Any advantage either finds will be telling and almost certainly temporary. In qualifying they were separated by just 0.077s, to share the front row. That gap equated to just one car length around Bahrain’s 3.4 miles and both drivers’ times were good enough to beat the 2005 record.
Mercedes retains a performance advantage over its closest challenger, Ferrari, and that was best displayed by a second consecutive recovery drive from Hamilton. Into T1 after the start, he was skewered by a rocket-launching Valtteri Bottas, whose Williams nerfed the right side of Hamilton’s W07 and pitched it into a half-spin. Bottas lost his left front-wing endplate in the collision; Hamilton picked up damage that cost him an estimated one second per lap. Both continued, though Bottas would later receive a drivethrough penalty that contributed, along with a questionable tyre strategy, to a slump to ninth place. With Felipe Massa finishing eighth, having qualified seventh and run second early on, Williams left Bahrain with renewed questions as to their consistency of performance.
In the gaggle behind Ferrari and Merc, any lack of pace, or any questionable strategy call, will immediately translate into lost positions, with so many eager, swift, competitors around. Williams’ choice of extended stints on Pirelli mediums for both its drivers was just such a call, in the context of Red Bull, Haas and Toro Rosso all majoring on softs and supersofts.
Each of these midfield hustlers had reason to be cheerful at flagfall, but what of Ferrari, self-anointed Mercedes-denier in 2016? It was another Melbourne-like mixed bag. Vettel suffered an engine failure on the warm-up lap, which, following Raikkonen’s motor-related retirement in Australia, suggests reliability concerns for the Scuderia that have already undermined its title hopes.
Raikkonen, meanwhile, started poorly, blaming his “fingers slipping” on the steering-wheel-mounted clutch paddle. His tardiness and Vettel’s absence cleared row two, allowing Bottas to have the slingshot into T1 that would prove so significant for the eventual top-three placings. But Kimi has been exceptionally consistent at this circuit over the years, and he recovered with a decisive, drama-free run to second, 10 seconds behind Rosberg. It was his eighth Sakhir podium since 2005, though none of them have been as winner.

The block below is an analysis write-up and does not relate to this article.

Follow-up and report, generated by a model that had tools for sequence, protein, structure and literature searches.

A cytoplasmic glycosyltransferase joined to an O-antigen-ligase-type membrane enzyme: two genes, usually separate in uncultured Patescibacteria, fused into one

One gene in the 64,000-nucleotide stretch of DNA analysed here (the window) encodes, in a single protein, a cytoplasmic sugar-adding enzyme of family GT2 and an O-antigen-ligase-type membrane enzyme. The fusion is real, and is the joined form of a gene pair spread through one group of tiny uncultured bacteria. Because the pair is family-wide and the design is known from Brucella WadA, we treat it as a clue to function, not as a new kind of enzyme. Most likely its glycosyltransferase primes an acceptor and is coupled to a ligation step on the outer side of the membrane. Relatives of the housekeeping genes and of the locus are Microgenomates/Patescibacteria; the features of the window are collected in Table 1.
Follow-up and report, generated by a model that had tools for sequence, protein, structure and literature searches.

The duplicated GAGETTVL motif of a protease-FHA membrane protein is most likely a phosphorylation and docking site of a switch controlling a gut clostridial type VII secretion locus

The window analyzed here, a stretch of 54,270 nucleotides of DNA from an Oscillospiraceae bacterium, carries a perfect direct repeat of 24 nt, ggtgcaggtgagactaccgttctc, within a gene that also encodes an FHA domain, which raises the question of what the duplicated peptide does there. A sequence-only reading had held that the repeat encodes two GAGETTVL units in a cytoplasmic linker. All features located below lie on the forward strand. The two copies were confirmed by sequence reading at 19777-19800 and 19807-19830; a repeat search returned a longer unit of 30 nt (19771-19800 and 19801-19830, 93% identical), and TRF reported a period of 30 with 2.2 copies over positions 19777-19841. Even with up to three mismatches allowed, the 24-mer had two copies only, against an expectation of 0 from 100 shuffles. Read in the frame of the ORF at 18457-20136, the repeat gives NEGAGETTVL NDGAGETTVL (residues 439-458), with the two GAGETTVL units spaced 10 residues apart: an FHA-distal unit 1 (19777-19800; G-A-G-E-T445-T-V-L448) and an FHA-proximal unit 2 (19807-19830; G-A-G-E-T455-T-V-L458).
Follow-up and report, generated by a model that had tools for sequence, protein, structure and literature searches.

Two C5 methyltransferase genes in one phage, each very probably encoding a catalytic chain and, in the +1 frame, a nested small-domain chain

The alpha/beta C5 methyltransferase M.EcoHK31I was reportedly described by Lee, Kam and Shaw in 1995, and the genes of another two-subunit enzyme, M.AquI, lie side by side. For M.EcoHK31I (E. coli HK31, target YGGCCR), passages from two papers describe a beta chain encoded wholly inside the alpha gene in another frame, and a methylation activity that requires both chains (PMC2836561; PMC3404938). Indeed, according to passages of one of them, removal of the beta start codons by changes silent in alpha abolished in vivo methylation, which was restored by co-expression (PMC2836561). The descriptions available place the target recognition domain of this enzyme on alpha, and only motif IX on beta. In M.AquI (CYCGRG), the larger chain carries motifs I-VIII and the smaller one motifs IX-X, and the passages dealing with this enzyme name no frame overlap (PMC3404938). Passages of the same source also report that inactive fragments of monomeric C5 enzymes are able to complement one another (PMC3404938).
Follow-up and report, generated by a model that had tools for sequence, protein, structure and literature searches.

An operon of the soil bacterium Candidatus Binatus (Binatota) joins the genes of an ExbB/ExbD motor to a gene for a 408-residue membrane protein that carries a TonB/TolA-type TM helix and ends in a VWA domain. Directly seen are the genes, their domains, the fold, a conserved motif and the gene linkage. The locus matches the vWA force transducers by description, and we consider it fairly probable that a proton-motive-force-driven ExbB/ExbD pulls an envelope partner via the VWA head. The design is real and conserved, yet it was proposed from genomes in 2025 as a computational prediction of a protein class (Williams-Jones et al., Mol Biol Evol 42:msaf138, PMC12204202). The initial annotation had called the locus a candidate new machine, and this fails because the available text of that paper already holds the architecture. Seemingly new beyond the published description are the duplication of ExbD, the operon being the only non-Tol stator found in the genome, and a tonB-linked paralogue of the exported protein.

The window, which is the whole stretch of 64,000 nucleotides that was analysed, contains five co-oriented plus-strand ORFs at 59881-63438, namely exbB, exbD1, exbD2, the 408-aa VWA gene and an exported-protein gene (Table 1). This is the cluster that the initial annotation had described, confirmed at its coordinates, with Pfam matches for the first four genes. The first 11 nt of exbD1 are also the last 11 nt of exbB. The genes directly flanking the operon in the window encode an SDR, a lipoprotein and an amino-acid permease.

Behind the likely title contenders came the ever-charging Daniel Ricciardo. He had already performed with elan in qualifying to start from P5 in a car less powerful than those ahead and immediately behind; to gain a place when all around are losing theirs indicates yet again that Red Bull and its star lead driver have lost nothing in performance, despite the ongoing deficiencies of the Tag-heuer/ Renault engine.
They will, though, be looking over their shoulders at the emerging threat of Haas F1. Yes, really.
Romain Grosjean, starting from an advantageous P9 (giving Haas a free tyre choice for the race, unlike the first eight, who must carry their Q3 tyres to the startline) was characteristically fleet and (now) error-free on a charge to P5, built on an aggressive strategy of three sets of supersofts plus one soft. “It’s an American dream,” said Romain post-race. For all but Haas’s biggest and best-funded opponents, they’re rapidly turning into an American nightmare.
And a debut point for Vandoorne? This was the stuff of champions, have no doubt. ■
Raikkonen (l) took second, while Vandoorne impressed on debut
Rosberg leads as Bottas heads towards Hamilton Win number 16 for Rosberg
Hamilton recovered to third